interest rates should have gone up a while ago, if for nothing else than to curb consumer debt levels. i’m don’t necessarily agree that debt is a major concern for a fiat currency (which greece doesn’t have) and i’m not terribly worried about the debt of the USA or Canadian government, but certainly for households this cheap debt will be catastrophic. The canadian housing market (i’m canadian, and you think YOUR credit is cheap? you should see ours!) is a disaster waiting to happen, but nobody will raise rates as it WILL crash the market, and who wants to be responsible for that?

            • uni-mitation
            • 4 years ago

            I know. Canadian banks are practically printing money since they have no [url=https://gilliganscorner.wordpress.com/2008/04/06/canadas-private-banks-have-no-reserve-requirements/<] fractional reserve requirements. [/url<] This is a systemic thing that is present in all central banks. They have the hubris to think they can manage the economy. The sad fact is that the Canadian economy is in a housing bubble, and it will be burst. Those that are in the bubble are practically unable to see the reality of the impending burst. They are high on the Central Bank's kool aid. Every one is convince and all predictions are based on ever increasing prices. Then reality hits, and all of that "equity" is evaporated. This failed economic idealogy of reducing interest rates to increase consumption actually grows the economy has been proven wrong time and time again after bubble after bubble. What grows the economy is the efficient allocation of capital to new investments that increase the standard of living. For this to happen, interest rates must be at a sweet spot in order to give incentives to the savers, and those that own retirement accounts to actually invest their money instead of taking more debt to artificially increase GDP. I respectfully disagree with your notion that government debt(sovereign) is not important. The fact is that all fiat currencies are back by nothing but the trust of the issuing authority. Every US dollar is a federal reserve note by which the United States government finances everything. The reason why the US dollar is valuable is because the market deems it trustworthy. Once the trust and ability of the US government to meet its financial obligations is shattered, then the market will not buy US treasuries at the same fantastical yield that they enjoy. Everything that we enjoy from the fantastic standard of living, to the fact of the US the de facto reserve currency and petro dollar is because of the World's and markets' trust in the US's government to meet its debt and raise more revenues via taxes. The problem that we are in is a totally fiscal one that must be resolved in Congress, and not by printing more money. This is such an immense problem that all that central banks's efforts are akin to pulling a big boulder with cotton strings.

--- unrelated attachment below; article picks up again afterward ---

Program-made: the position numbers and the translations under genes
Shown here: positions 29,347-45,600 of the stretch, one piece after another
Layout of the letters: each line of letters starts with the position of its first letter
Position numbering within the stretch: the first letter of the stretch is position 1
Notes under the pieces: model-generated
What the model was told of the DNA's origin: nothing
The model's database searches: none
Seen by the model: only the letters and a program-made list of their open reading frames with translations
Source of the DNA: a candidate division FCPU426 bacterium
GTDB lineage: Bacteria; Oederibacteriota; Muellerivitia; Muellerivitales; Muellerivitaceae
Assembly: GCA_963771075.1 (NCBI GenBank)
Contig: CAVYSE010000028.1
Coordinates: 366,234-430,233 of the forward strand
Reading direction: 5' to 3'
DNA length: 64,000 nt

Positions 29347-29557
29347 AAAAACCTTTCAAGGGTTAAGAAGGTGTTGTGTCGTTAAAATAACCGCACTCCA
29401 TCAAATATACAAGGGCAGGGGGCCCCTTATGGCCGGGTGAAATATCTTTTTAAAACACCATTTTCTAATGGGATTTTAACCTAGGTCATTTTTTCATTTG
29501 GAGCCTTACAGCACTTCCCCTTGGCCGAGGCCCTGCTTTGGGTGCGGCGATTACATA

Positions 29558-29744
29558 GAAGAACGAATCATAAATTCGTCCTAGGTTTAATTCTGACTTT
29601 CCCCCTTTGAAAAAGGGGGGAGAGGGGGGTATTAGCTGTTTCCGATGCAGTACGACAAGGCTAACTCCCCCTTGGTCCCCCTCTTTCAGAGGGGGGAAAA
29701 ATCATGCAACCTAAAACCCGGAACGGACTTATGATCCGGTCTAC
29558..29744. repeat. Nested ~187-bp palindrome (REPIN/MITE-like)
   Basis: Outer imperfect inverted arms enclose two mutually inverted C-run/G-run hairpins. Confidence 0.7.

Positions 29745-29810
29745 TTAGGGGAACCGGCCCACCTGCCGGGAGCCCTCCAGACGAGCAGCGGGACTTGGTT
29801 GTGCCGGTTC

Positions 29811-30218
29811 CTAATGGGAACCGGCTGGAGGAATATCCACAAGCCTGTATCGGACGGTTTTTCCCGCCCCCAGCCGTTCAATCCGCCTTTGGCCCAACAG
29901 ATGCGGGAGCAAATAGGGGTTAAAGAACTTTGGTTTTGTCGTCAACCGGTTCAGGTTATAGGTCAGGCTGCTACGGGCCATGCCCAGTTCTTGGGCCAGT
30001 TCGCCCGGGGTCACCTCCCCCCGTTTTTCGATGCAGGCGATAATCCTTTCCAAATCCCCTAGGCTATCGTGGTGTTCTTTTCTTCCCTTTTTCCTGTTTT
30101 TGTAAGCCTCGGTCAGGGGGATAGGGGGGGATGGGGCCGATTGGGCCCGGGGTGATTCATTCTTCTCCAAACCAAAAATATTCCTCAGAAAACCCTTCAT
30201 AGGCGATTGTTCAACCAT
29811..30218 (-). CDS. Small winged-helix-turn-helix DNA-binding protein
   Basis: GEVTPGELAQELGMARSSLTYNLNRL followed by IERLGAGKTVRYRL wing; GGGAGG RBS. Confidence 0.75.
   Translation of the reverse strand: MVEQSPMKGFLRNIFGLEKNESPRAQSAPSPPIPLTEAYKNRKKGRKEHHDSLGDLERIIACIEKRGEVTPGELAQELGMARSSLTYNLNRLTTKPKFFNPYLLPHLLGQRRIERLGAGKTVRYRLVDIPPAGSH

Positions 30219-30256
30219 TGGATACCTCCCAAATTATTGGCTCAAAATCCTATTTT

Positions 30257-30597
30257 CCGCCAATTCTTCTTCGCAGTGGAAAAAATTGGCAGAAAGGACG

• sweatshopking
            • 4 years ago

            I never said it wasn’t important. I said it wasn’t a major concern, and given the other issues, i dont think it is. We need a few years of heavy inflation to drive down debt levels to a reasonable level. It’ll annoy people short term, but long term it will be an improvement. I am not saying be irresponsible, but consumer debt is a MUCH larger problem for the economy then governmental. Taxes MUST go up, and people need to check their incorrect views on living standards to one that’s actually affordable, and I’m not saying cut health or infrastructure spending. We need to move away from a consumption based economy into a services, production, and infrastructure based economy. Expecting to pay more taxes will be an important part of that. Educating people that services are WORTH the money and that as Oliver Wendell said, the price of civilization, we can expect, as with all things, to get what you pay for. Taxes need to be efficient and accountable, but they’re insanely low right now. somebody has to pay for all this stuff, and once we understand that, we can actually look at improving things.

            • uni-mitation
            • 4 years ago

            SSK, there is no such thing as “inflating your way” out of debt. This is another failed economic idea that has consistently be prove to do nothing. Granted that I am not an economist, and I might not use the correct terms, but I will try to explain.

            Basically, what happens if the US government tries to inflate their debt away? Well, let me explain what we are essentially talking about. Well, the US government has two distinct economic policies that are separated. One is fiscal policy, and the other one is monetary policy. Fiscal policy is under the purview of the US Treasury department which is in charged of financing and issue future debt by selling treasuries(IOUs) bonds to finance and borrow money from the market to meet its budget. Congress is ultimately the one in charge of fiscal policy since they are the ones that control the purse strings. All that the executive branch does is submit a proposed fiscal budget in which the government outlines the ways that it will continue to finance the functioning of government.